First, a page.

By: Dave Astor
In a post-Sept. 11 world, newspaper feature sections should focus more on ordinary people.
That was among several suggestions made by American Society of Newspaper Editors President Tim J. McGuire when he spoke at the American Association of Sunday and Feature Editors (AASFE) convention here on Oct. 4.
“We can find heroes in places other than athletic fields and movie screens,” said the Minneapolis Star Tribune editor. “Please reflect on the remarkable stories that flowed from the aftermath of the Sept. 11 attacks: the story of the man who died because he stopped to stay with a pregnant woman; the heroic stories of the men on the Pennsylvania flight who saved us from more destruction. Nothing is more compelling than the tales of ordinary folks doing extraordinary things.”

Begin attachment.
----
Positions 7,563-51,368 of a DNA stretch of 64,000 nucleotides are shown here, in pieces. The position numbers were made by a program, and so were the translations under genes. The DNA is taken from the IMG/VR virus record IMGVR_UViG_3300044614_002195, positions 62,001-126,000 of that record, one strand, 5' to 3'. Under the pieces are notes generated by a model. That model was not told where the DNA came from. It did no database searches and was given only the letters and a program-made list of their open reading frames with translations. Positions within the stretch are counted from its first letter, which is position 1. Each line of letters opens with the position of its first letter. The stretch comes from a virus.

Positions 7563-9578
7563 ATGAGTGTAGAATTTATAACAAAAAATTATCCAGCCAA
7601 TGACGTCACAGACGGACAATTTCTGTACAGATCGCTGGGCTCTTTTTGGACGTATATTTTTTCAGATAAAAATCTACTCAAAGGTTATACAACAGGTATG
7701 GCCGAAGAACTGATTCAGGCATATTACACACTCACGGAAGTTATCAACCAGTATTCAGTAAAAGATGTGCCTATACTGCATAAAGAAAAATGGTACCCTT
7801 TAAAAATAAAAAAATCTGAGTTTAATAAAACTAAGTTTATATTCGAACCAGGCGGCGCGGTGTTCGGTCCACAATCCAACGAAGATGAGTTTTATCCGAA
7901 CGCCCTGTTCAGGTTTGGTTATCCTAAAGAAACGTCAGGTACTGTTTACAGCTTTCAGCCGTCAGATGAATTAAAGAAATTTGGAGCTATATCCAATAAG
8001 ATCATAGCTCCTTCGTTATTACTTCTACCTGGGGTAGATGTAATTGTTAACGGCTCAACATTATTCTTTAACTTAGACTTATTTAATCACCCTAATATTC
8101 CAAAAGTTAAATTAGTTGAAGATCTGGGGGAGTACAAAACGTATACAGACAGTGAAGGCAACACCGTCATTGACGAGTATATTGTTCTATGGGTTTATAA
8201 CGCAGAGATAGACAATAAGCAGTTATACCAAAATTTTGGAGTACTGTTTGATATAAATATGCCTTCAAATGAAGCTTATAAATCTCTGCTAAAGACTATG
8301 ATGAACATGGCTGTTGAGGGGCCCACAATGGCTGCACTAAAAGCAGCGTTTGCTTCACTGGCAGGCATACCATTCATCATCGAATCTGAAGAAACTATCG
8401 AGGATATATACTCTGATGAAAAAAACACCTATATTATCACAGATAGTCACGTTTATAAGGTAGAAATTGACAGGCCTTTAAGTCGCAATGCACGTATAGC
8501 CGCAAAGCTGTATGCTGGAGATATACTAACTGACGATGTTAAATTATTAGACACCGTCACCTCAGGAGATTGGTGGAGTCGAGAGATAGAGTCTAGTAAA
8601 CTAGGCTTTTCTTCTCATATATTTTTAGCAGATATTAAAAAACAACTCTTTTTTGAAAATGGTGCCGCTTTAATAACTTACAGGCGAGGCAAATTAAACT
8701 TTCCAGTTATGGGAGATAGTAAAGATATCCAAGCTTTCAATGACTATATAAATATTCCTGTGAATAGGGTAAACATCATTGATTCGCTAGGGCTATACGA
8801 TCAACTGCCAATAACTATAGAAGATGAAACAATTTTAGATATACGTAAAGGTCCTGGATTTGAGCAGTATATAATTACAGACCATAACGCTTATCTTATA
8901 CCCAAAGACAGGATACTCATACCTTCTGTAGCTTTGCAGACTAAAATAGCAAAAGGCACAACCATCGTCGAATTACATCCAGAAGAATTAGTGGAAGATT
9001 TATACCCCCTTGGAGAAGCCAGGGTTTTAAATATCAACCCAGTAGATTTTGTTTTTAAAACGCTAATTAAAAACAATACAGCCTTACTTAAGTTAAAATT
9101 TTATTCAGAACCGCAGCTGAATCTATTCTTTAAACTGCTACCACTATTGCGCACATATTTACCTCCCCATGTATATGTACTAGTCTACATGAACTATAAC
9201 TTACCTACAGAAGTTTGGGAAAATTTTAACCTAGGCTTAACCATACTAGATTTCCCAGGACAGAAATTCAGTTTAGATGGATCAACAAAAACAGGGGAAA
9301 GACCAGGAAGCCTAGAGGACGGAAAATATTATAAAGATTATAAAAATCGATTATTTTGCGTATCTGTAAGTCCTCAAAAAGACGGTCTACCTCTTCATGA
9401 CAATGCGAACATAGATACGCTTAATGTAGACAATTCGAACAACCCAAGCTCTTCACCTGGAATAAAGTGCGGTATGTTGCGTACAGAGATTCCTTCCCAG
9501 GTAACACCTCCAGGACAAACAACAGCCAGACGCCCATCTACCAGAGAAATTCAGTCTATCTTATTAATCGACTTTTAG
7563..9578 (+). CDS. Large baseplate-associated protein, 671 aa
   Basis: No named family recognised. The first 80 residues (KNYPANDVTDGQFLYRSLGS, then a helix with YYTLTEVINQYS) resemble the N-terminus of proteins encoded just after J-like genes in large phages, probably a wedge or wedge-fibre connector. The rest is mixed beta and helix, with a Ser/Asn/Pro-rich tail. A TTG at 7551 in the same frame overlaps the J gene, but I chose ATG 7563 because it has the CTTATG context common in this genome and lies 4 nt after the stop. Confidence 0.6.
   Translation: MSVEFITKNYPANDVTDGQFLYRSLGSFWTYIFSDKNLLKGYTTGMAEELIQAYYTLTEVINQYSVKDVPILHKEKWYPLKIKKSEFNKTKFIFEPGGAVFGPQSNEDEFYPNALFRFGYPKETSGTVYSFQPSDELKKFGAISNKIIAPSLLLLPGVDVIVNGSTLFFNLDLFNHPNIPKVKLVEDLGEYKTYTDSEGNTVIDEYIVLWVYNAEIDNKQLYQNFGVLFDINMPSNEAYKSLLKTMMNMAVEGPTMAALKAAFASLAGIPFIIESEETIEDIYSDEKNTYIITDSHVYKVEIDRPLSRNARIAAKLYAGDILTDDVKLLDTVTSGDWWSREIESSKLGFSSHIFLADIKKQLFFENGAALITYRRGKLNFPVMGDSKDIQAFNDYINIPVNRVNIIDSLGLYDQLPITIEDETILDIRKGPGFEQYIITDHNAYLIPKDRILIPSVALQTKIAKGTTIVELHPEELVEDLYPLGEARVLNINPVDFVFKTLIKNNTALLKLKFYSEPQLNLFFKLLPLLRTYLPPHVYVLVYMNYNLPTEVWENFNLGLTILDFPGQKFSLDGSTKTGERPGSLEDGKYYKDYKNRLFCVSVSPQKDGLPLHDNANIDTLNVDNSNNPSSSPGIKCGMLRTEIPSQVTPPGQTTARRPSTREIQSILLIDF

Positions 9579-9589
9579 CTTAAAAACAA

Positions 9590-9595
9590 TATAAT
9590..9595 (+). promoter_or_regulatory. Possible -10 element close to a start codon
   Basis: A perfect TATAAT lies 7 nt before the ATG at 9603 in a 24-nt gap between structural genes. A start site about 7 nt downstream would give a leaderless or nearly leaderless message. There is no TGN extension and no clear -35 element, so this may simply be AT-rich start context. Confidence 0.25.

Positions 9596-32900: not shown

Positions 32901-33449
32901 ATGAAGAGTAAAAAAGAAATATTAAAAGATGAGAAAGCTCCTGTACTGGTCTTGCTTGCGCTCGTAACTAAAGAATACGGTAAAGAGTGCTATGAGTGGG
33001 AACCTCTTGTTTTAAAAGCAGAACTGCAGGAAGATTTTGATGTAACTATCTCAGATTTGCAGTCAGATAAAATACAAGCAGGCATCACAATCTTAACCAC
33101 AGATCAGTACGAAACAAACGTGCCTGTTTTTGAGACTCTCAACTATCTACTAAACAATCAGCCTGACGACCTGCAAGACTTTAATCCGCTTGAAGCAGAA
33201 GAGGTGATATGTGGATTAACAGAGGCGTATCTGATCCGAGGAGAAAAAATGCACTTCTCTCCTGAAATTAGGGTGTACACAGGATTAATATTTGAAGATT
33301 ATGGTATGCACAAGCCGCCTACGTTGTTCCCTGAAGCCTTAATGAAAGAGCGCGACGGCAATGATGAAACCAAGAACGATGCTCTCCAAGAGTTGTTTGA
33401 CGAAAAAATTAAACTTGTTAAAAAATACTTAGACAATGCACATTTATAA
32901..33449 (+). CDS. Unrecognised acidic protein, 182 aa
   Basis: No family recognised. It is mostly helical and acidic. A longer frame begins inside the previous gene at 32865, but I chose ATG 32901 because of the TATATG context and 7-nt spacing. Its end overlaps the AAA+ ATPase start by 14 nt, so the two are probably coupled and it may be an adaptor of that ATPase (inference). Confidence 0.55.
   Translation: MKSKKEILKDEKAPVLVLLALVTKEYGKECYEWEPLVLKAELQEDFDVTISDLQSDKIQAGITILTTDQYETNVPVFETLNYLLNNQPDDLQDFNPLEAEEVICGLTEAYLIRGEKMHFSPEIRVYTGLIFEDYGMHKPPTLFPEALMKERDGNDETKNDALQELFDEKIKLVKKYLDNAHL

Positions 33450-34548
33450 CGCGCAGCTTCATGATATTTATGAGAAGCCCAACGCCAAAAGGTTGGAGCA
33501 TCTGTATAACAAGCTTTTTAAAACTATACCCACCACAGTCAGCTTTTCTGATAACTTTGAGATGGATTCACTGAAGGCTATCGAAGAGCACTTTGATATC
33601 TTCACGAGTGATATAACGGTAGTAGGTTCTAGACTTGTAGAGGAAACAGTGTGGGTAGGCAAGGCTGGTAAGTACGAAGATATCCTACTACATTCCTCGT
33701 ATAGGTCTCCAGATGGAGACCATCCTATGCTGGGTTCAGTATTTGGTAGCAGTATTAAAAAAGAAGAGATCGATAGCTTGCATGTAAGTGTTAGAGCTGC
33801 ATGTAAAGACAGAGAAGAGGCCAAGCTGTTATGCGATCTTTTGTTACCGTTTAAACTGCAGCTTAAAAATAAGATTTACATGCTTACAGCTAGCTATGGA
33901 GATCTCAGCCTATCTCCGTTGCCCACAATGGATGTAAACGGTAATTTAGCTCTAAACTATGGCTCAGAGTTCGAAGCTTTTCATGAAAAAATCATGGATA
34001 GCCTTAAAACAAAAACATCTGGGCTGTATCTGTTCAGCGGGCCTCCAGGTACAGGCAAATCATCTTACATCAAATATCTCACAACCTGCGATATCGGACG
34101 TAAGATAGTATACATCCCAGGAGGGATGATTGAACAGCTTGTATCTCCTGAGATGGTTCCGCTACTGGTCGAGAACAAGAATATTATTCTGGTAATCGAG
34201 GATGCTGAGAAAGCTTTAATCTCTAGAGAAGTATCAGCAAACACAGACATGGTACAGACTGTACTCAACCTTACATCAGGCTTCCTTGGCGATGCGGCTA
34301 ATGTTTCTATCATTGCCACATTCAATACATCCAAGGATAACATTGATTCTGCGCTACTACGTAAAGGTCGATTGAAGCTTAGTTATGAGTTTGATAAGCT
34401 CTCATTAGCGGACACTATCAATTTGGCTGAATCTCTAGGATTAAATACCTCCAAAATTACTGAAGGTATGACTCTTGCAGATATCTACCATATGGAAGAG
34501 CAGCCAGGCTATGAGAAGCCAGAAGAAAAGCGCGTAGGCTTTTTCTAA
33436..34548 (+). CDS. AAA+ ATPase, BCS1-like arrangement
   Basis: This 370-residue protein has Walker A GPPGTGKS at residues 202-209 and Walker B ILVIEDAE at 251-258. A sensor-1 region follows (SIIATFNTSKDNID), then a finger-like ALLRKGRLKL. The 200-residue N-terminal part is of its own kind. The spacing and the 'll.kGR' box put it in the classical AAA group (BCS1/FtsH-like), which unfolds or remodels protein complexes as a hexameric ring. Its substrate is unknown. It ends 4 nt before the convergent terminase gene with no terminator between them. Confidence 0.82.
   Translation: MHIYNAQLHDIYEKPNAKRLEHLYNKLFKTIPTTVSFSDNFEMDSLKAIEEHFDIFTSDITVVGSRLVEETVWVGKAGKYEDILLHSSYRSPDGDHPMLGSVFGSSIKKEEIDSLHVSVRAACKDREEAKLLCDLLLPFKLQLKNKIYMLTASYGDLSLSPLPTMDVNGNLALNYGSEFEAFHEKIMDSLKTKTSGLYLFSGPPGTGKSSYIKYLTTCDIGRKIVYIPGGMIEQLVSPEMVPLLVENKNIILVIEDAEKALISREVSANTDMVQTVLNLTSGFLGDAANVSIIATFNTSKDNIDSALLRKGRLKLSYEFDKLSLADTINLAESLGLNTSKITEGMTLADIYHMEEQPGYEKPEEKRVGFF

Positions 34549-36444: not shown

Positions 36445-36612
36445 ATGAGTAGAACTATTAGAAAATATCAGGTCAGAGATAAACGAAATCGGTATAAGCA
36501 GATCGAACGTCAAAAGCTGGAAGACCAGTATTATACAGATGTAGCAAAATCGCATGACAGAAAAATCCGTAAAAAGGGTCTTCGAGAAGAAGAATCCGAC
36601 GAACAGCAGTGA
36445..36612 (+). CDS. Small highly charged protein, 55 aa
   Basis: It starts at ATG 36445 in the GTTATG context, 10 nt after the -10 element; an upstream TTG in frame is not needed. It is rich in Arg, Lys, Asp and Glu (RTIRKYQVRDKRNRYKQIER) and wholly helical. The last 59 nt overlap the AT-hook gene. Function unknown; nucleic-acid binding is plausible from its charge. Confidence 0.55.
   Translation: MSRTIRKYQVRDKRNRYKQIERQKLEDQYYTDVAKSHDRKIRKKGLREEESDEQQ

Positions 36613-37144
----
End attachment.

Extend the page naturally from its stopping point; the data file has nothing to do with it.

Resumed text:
There was also a session on feature coverage of the World Trade Center disaster. Some examples: a photo spread of makeshift memorials (Newsday, Melville, N.Y.); a story about the differences between Sikhs and Muslims (Houston Chronicle); a piece on how some people donating blood for the first time learned they had hepatitis or HIV (The News & Observer, Raleigh, N.C.); and a special expanded teen section (Florida Today, Melbourne).
Editors from several papers nationwide said their New York-based arts-and-entertainment writers became news reporters for the day on Sept. 11.
AASFE President Steve Doyle of the Orlando (Fla.) Sentinel said the convention drew 128 people — only 12 less than the number of pre-Sept. 11 sign-ups, but down by roughly half from last year due to the economy.